Vega Sicilia Unico Reserva Especial (2022 Release), Non Vintage (imported by Berkmann Wine Cellars), 95% Tempranillo, 5% Cabernet Sauvignon, a blend of three vintages – 2008, 2010 and 2011. Structured, powerful, yet also poised, dappled with notes of cigar box and Christmas spice, the tannins are smooth and seductive. Atkin describes this wine as “perfection”, so it’s little wonder he gives it 100 points.
Vega Sicilia Unico Reserva, 2012 (imported by Berkmann Wine Cellars) From a hot vintage, Atkin gives this 98 points, describing it as “one of Spain’s greatest reds.” 95% Tempranillo, the remainder Cabernet Sauvignon (which makes its presence subtly felt with an appealing graphite note), the nose is elegant, surprisingly dainty and floral, the fruit is ripe, yet not overly so, and this just exudes elegance from start to finish.
Pingus, Flor de Pingus Cosecha 2019 (imported by Corney & Barrow) 100% Tempranillo, Flor is the second wine of Pingus, “what Peter Sisseck calls his La Horra ‘village wine’, which is not to damn it with faint praise in the slightest, given the quality of the liquid,” according to Atkin, in his report. Fresh, youthful and precise, there’s a crunch to the red fruit and the oak influence is well judged, subtle and scrumptious.
Finca Las Dueñas 2017, Francisco Barona (no UK representation), Enjoyed over lunch and revisited in the tasting room, this wine, a blend of majority Tempranillo with Garnacha, Bobal, Albillo Mayor and Jaen, receives 97 points from Atkin, who made Barona his ‘Young Winemaker of the Year’, declaring “Ribera del Duero has a new superstar on its books.” Foraged blackberry, bramble and garrigue combine in a complex, wild-yet-elegant and intricately nuanced wine that has a striking ethereal quality to it.
Garmon 2019, Bodegas Garmon Continental (imported by City Wine Collection), awarded 97 points by Atkin, who makes reference to the combination of fruit from six different villages “blending their characters as an artist might mix a palette of colours.” Perfumed, elegant and polished, with intense cherry depth and incredible concentration.
Hacienda Monasterio 2017 (imported by Berry Bros and Rudd) 80% Tempranillo and 20% Cabernet Sauvignon, from a crop significantly reduced by spring frosts, the wine is perfumed and powdery on the nose, with rose petal, bright red berry fruit and a hint of garrigue. There’s a mineral note, layers of texture and a rich complexity through to the lingering finish. Awarded 96 points by Atkin.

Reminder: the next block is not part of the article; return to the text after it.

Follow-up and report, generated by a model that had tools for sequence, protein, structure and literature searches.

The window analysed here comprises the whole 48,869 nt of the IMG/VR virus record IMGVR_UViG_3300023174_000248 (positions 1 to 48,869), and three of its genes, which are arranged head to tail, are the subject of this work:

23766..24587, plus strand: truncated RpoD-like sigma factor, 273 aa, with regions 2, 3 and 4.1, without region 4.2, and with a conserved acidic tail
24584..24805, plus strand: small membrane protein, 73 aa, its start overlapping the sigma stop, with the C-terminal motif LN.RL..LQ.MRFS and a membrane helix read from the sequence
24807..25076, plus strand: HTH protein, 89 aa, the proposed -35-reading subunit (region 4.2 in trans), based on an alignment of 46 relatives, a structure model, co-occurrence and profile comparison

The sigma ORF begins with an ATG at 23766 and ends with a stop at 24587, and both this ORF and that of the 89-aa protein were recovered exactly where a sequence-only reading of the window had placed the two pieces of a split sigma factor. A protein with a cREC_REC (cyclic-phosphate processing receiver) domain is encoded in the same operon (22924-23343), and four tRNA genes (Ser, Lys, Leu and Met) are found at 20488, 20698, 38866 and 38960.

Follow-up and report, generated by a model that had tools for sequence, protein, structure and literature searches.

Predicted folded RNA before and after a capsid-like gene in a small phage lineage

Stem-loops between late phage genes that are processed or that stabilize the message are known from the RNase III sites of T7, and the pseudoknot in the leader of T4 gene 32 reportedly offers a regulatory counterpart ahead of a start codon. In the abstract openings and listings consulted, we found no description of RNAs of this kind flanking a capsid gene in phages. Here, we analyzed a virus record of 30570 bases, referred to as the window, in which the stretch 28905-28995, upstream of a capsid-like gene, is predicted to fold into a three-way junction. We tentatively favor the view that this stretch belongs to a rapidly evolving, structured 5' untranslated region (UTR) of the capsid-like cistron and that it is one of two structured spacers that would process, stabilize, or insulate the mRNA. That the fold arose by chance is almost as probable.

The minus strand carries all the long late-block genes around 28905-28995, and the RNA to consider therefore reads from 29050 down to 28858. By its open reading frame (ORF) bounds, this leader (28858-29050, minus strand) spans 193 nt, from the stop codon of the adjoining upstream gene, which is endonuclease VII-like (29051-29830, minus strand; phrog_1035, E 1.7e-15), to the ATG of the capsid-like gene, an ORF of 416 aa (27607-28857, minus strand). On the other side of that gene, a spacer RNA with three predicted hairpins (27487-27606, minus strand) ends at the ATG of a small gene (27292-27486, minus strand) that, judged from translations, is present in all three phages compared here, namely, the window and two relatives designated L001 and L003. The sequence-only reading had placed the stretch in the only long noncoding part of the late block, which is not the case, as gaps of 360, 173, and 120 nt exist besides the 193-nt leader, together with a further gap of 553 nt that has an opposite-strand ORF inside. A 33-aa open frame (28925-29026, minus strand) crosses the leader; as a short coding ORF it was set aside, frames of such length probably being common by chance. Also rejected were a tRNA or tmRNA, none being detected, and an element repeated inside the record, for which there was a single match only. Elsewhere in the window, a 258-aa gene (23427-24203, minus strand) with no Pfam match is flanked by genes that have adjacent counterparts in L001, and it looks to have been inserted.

Interpretation 2019, Ausas (imported by Fortnum and Mason), From Xavier Ausàs, the former winemaker at Vega Sicilia, Atkin says Ausas “has established itself in the space of just four vintages as one of the best wines in the region.” A regional blend, it is bright, pure and juicy-fruited, a melange of blueberries, raspberries and redcurrant, beautifully balanced, fresh and modern.
TM 2016 Tr3smano (no UK representation), 100% Tempranillo, awarding it 96 points, Atkin desires this as “a superb modern Ribera.” Mushrooms, forest floor and red berries combine in a bright, delicious, effortlessly elegant wine that has a sort of restrained power, like a caged bull.
Magna Vides 2019 (no UK representation) 90% Tempranillo, the remainder Albillo Mayor, this wine was a highlight of the lunch selection, with its elegant, lifted, cherry blossom nose and delicate, but sustained, red fruit charm. Described by Atkin as “a Ribera red that nods towards Burgundy in style,” he awards it 95 points (which I think is a bit mean, but who am I to argue?)
Callejo, El Lebrero, 2020 (imported by Anthony Byrne Fine Wines) 100% Albillo Mayor, this is one of five whites in Atkin’s Top 100, awarded 94 points. From two high-altitude parcels – La Virgen and El Lebrero – it is fermented in concrete eggs, large oak foudres and stainless steel, with around a third of the blend having some skin contact. A fascinating, fresh, textured wine, perfumed, with pear notes and a lovely salinity.